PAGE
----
Comments on: Summing Subsets
https://justrakudoit.wordpress.com/2010/10/09/summing-subsets/
I Never Metaop I Didn't LikeMon, 09 Mar 2015 22:05:35 +0000hourly1http://wordpress.com/By: roy_hu
https://justrakudoit.wordpress.com/2010/10/09/summing-subsets/#comment-2452
Thu, 14 Oct 2010 05:46:20 +0000http://justrakudoit.wordpress.com/?p=210#comment-2452I uploaded my Haskell code to http://gist.github.com/625639 I know no perl.
]]>By: Tim Bollman
https://justrakudoit.wordpress.com/2010/10/09/summing-subsets/#comment-2451
Tue, 12 Oct 2010 17:43:25 +0000http://justrakudoit.wordpress.com/?p=210#comment-2451Shorter version that doesn’t reuse the count array but would theoretically have multi-threading. There’s no requirement that @a be presorted:
my @a = …
my $biggest = @a.max
my @counts = (1, 0 xx $biggest)
@counts = @counts >>+<< (0 xx $_, @counts[0 .. $biggest – $_]) for @a
[+] (-@a.elems, @counts[@a])
]]>By: Tim Bollman
https://justrakudoit.wordpress.com/2010/10/09/summing-subsets/#comment-2449
Tue, 12 Oct 2010 03:30:56 +0000http://justrakudoit.wordpress.com/?p=210#comment-2449For the explanation of how that works in more abstract terms than what I do:
1. We start with an array of how many ways we can get to a particular number given all the numbers smaller than the current one.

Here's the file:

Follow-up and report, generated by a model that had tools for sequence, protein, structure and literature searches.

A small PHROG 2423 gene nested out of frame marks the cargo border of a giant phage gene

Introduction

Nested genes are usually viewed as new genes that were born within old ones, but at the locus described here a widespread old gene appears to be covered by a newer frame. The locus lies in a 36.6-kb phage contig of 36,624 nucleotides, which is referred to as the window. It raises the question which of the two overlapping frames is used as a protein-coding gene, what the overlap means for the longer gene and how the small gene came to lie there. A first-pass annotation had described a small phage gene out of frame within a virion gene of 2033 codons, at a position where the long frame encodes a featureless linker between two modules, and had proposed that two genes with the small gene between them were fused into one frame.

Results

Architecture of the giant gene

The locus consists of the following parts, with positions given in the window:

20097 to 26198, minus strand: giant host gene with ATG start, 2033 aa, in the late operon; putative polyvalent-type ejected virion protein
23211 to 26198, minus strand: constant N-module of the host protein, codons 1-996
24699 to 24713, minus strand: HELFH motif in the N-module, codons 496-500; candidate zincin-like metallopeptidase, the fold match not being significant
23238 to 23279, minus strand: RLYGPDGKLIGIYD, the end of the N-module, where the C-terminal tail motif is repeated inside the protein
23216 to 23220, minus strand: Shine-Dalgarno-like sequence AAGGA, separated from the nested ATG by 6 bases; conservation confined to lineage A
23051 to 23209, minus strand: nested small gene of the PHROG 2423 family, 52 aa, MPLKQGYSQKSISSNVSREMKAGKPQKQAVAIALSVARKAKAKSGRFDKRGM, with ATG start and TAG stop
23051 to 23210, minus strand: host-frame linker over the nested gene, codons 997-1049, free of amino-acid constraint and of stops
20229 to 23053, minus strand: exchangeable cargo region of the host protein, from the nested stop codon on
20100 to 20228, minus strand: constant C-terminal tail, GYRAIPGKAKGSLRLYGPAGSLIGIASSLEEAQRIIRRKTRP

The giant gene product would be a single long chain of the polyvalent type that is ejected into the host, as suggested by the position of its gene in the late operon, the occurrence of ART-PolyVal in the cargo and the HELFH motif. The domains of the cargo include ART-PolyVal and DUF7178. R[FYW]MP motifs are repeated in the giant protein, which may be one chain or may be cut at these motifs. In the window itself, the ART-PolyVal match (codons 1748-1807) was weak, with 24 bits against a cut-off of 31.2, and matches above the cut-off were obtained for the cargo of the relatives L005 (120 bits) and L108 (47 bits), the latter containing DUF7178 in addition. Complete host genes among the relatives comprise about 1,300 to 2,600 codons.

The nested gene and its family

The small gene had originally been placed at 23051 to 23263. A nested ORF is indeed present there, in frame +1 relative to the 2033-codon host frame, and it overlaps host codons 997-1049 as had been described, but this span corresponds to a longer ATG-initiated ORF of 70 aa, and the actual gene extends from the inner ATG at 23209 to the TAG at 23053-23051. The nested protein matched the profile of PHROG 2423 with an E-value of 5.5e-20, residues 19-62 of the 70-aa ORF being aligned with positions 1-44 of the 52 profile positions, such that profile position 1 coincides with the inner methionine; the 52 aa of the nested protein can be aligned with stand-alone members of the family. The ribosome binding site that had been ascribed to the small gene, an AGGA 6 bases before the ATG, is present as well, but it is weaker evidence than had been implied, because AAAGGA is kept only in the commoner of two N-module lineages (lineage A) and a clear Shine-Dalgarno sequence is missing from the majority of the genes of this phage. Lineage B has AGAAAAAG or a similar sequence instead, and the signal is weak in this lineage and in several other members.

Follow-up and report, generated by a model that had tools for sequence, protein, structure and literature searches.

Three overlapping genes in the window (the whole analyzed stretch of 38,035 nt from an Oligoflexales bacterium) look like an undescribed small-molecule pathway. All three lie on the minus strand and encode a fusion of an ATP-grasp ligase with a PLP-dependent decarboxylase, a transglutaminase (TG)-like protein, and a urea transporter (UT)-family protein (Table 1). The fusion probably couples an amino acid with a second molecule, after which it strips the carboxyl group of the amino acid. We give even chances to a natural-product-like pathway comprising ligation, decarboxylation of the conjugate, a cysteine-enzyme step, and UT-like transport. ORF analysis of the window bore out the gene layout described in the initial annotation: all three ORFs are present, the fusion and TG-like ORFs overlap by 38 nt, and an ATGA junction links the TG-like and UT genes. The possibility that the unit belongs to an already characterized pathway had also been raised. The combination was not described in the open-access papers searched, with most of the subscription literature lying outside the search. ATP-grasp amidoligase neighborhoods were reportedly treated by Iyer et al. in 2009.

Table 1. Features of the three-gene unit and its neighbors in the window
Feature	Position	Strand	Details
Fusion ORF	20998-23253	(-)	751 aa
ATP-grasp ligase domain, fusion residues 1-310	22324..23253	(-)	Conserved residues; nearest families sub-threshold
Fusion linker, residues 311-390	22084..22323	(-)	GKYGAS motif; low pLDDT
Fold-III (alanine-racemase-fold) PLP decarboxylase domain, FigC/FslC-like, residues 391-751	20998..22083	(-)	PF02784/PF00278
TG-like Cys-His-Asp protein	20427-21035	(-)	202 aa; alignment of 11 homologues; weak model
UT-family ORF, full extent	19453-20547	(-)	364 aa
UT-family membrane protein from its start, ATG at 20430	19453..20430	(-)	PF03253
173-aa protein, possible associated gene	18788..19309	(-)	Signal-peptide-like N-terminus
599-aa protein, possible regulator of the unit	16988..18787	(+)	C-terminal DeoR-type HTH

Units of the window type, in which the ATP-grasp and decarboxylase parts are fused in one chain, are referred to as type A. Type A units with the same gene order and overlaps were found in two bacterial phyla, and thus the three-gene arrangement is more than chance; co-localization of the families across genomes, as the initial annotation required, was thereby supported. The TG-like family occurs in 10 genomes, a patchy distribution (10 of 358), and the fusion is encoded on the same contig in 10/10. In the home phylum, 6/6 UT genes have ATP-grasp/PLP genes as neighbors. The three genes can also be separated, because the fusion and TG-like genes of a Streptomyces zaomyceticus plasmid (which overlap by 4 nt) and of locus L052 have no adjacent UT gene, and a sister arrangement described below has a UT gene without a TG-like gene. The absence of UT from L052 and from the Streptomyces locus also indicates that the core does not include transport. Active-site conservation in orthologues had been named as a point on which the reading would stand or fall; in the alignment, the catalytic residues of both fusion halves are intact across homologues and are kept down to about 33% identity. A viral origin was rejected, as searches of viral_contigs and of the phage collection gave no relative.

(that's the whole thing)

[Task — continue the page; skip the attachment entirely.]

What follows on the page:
2. We add the current number to all numbers that could previously be reached to get the list of all numbers that can be reached using the current number and any of the previous numbers.
3. Pairwise add the list of previous counts to the ways we can get to numbers using the current number.
4. Step to the next number in our master set until exhausted.
5. sum up all the counts. Subtract out the number of elements in the master set because our count set contains the 1 element subsets which aren’t allowed in the problem.
My program merges steps 2 and 3 because as long as you go from the big numbers to the small numbers, you don’t need to keep track of the old counts. And messes up step 2 a little because I should have initialized @count as (1, 0 xx 99) so I could remove the @counts[$a]++. Also the .. 100 should be .. 99.
]]>By: Tim Bollman
https://justrakudoit.wordpress.com/2010/10/09/summing-subsets/#comment-2448
Tue, 12 Oct 2010 03:14:51 +0000http://justrakudoit.wordpress.com/?p=210#comment-2448This should do the trick:
my @a = 3, 4, 9, 14, 15, 19, 28, 37, 47, 50, 54, 56, 59, 61, 70, 73, 78, 81, 92, 95, 97, 99;
my @counts = 0 xx 100;
for @a -> $a
{
for reverse $a .. 100 -> $b
{
if @counts[$b – $a] != 0
{
@counts[$b] += @counts[$b – $a];
}
}
@counts[$a]++;
}
say [+] (-@a.elems, @counts[@a]);
]]>By: colomon
https://justrakudoit.wordpress.com/2010/10/09/summing-subsets/#comment-2447
Mon, 11 Oct 2010 18:19:47 +0000http://justrakudoit.wordpress.com/?p=210#comment-2447Would you care to provide an implementation? This sounds like an interesting and useful way of solving the problem.
]]>By: roy_hu
https://justrakudoit.wordpress.com/2010/10/09/summing-subsets/#comment-2446
Mon, 11 Oct 2010 18:16:52 +0000http://justrakudoit.wordpress.com/?p=210#comment-2446You could use dynamic programming to solve this problem instantly. To start, build a 2D-table in which the rows represent the source set, and the columns represent sum targets between 3 and 99.
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